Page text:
Pork-Free Post: Gluten-Free Goodies

17 Mar

Since going gluten-free a few years ago, I have felt somewhat deprived of sweets, although I always managed to make do. I made “pies” using crushed store-bought GF cookies as the crust, like my mascarpone cranberry pie with a gingersnap crust. Or I’d make crisps with an oat-sugar topping and various types of fruit, or random flourless cookies that you can’t really be too creative with. While they all help with my cravings, I am always left wanting more. I want “real” cookies and cake.

The problem for me with baking, mostly with cakes or cupcakes, has been a two-fold issue. First, gluten-free flours have been very finicky for me, and it can be difficult to get baked goods just right. We all know about the sinking cake. But most importantly is that I live at about 6,700 ft above sea level, which makes baking even more frustrating. Even before my entrance into the gluten-free world, I couldn’t get my stuff to rise properly – the ratios were all off, no matter what I tried. Now, that mixed with the different flours, is a whole new ballgame and is even more overwhelming. So, to deal with it, I just basically decided I wouldn’t bake.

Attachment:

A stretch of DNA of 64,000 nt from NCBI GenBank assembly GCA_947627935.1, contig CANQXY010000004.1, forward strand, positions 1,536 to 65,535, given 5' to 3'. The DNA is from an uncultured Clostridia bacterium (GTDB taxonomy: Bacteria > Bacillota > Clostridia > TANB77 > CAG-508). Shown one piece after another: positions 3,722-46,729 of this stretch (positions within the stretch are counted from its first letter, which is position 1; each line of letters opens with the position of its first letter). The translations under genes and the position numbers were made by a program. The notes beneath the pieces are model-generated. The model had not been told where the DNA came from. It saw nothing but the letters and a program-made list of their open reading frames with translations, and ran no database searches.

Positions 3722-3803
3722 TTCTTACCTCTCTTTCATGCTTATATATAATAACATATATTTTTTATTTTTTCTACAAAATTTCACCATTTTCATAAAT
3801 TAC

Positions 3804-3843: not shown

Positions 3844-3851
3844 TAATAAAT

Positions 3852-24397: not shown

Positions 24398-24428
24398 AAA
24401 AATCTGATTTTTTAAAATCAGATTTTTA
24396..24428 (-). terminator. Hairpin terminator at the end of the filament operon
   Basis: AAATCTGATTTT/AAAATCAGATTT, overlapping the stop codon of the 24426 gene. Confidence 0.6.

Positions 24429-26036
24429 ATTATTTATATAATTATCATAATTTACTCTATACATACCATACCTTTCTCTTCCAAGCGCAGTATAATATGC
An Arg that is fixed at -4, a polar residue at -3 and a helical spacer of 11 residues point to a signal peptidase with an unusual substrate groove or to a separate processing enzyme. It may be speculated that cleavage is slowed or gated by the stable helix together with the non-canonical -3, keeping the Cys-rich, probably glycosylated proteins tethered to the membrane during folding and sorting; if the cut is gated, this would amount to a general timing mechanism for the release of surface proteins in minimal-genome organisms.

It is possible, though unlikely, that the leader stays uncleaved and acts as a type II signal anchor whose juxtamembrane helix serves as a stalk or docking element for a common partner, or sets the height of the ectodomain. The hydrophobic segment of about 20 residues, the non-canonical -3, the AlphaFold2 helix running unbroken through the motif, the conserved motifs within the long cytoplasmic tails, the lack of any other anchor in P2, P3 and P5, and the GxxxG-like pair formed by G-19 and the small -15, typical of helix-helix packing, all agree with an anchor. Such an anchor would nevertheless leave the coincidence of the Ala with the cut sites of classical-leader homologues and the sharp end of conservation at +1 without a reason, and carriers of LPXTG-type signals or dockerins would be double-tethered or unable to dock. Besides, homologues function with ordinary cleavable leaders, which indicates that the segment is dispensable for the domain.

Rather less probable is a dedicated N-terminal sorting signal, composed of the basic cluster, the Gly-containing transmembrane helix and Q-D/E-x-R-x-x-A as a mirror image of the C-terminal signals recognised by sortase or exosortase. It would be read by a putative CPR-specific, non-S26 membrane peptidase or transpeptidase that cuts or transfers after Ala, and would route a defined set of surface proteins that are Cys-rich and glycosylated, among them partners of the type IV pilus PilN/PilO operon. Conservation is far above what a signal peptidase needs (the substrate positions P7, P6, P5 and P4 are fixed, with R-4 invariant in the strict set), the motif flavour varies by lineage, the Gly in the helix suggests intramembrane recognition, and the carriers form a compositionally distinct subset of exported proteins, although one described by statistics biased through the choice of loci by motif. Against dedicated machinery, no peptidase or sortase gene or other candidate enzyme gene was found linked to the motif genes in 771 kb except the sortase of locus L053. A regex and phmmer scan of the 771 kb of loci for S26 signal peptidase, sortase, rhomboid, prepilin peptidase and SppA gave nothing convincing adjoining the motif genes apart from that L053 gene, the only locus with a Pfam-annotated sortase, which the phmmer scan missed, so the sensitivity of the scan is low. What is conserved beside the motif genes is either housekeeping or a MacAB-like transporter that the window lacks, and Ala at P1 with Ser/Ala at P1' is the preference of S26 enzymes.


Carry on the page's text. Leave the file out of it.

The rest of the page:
That was until this past Christmas, when I thought I’d overcome my fear and crank out some cookies to pass around to the neighbors. I’m not sure why, but I decided to use quinoa and oat flours – maybe I thought they’d be more “healthy” and I could eat larger quantities. Maybe it was the oatmeal pancake recipe I’d read about that sounded so good – having the flour around wouldn’t be a total waste if the cookies didn’t turn out. Whatever it was, my decision was made and I would succeed.

Despite my inexperience with these flours, the cookies turned out great. They really tasted like regular old flour-based cookies. I also think that using coconut oil instead of butter played a role in that too – it yielded very crisp cookies without a hint of oilyness. I prefer crisp cookies to real soft ones, so this may just be a matter of preference. After reading a lot about using coconut oil, I found out that it has a similar structure to butter so they are quite interchangeable in baking.  Plus, it has a bit more health benefits so it made me feel a little bit better about stuffing my face with cookies.